International Influence of the Acid Rain Program
As an undergraduate at North Carolina State University, I spent almost 6 months studying abroad in Cape Town, South Africa. Famous for being one of the most beautiful and culturally diverse cities in the world it was easy for me to get lost in the beauty of my surroundings. I was fortunate enough to study at the University of Cape Town (UCT), which is perfectly situated high up on the slopes of Devil’s Peak, providing every student with a bird’s eye view over the city below and the waters of Table Bay. However, just to the east, that same view reveals an unsettling image of the dense air pollution over many of the nearby township communities. Some days the pollution was so thick that you could not see anything else, and it was that constant reminder of needed environmental attention that sparked my interest in international environmental protection. Now, as an intern in EPA’s Clean Air Markets Division, I decided to find out how EPA was helping to address situations like these abroad.
For most people, EPA isn’t the first agency that comes to mind when thinking about international outreach. However, pollution knows no boundaries and many of our recent air quality challenges have been global in scope. In response to this problem, EPA has been providing support in clean air policy on an international level for several years now. The success of the Acid Rain Program has generated interest in other countries and EPA has responded to invitations and requests to offer guidance to those countries.
Sharing a five-thousand mile border with the United States, Canada was the first country that EPA began working with in an attempt to provide cleaner air for both countries through international cooperation. In a joint effort to limit acid rain-forming air pollution that crosses country borders (such as NOx and SO2), the U.S. and Canada signed an agreement in 1991 called the U.S.-Canada Air Quality Agreement. This agreement outlines specific objectives related to the reduction of air pollution for both the U.S. and Canada. After nineteen years of success, the EPA has formed a longstanding relationship with Canada in which each country has worked cooperatively at improving air quality.
In more recent years, several individuals in EPA’s Clean Air Markets Division (CAMD) have played an integral part assisting in the research necessary to build clean air programs in countries abroad. EPA has met with representatives of more than 50 countries to communicate lessons from the Acid Rain Program that might apply to their air quality challenges.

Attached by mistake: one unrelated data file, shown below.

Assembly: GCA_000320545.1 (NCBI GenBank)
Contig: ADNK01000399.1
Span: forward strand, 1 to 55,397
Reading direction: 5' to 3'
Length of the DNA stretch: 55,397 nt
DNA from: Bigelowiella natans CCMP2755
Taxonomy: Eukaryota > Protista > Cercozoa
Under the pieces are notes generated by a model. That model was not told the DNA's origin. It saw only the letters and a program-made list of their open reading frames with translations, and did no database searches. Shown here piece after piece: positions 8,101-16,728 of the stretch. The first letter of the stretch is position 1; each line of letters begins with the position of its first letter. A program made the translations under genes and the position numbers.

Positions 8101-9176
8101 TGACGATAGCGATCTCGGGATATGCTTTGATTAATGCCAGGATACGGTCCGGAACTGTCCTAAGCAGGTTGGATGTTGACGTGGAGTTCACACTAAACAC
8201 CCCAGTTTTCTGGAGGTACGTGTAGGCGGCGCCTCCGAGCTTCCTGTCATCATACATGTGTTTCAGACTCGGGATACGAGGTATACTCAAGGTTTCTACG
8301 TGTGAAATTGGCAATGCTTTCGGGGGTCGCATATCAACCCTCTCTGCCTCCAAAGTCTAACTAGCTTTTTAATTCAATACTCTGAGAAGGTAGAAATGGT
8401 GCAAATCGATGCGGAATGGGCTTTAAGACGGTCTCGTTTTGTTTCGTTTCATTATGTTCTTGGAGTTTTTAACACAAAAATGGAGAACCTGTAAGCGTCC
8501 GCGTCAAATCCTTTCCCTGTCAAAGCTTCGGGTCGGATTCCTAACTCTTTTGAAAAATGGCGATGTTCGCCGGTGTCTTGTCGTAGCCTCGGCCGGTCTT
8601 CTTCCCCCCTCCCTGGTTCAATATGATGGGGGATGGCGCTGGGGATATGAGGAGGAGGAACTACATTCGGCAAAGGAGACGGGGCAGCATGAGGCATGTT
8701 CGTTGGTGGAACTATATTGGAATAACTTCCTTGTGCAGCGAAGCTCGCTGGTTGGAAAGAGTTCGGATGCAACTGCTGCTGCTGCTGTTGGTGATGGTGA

China is currently at the core of CAMD’s international effort as China is working to implement a national SO2 emissions trading program. This would be a market-based program to achieve emission caps established by the central government. In addition to communicating experience from implementing market-based programs, EPA is also assisting China in improving their emissions monitoring.
Mexico is also receiving a fair amount of attention as the U.S. is working with Canada on a project to aid the Mexican Ministry of Environment and Natural Resources in the production of a countrywide air pollution emissions inventory. This inventory will be the foundation for future regulations for the country. EPA is providing expertise and technical support in areas such as emissions monitoring, reporting and verification.
After my experience in South Africa, I can greatly appreciate the international efforts EPA is making toward cleaner air. Coming from a country that has the resources and cares so much about our environment, it was easy for me to recognize how lucky we are to have the Acid Rain Program and similar efforts to protect the environment.
For more information on our international partnerships, check out the Clean Air Markets Partnerships web page. Also, we’d like to hear from you. What other international partnerships would you like to see EPA develop to combat air pollution problems related to acid rain?
Kyle Campbell is the Geographic Information Systems intern in the Clean Air Markets Division. He is completing his senior year at North Carolina State University in Environmental Technology.
Editor's Note: The opinions expressed in Greenversations are those of the author. They do not reflect EPA policy, endorsement, or action, and EPA does not verify the accuracy or science of the contents of the blog.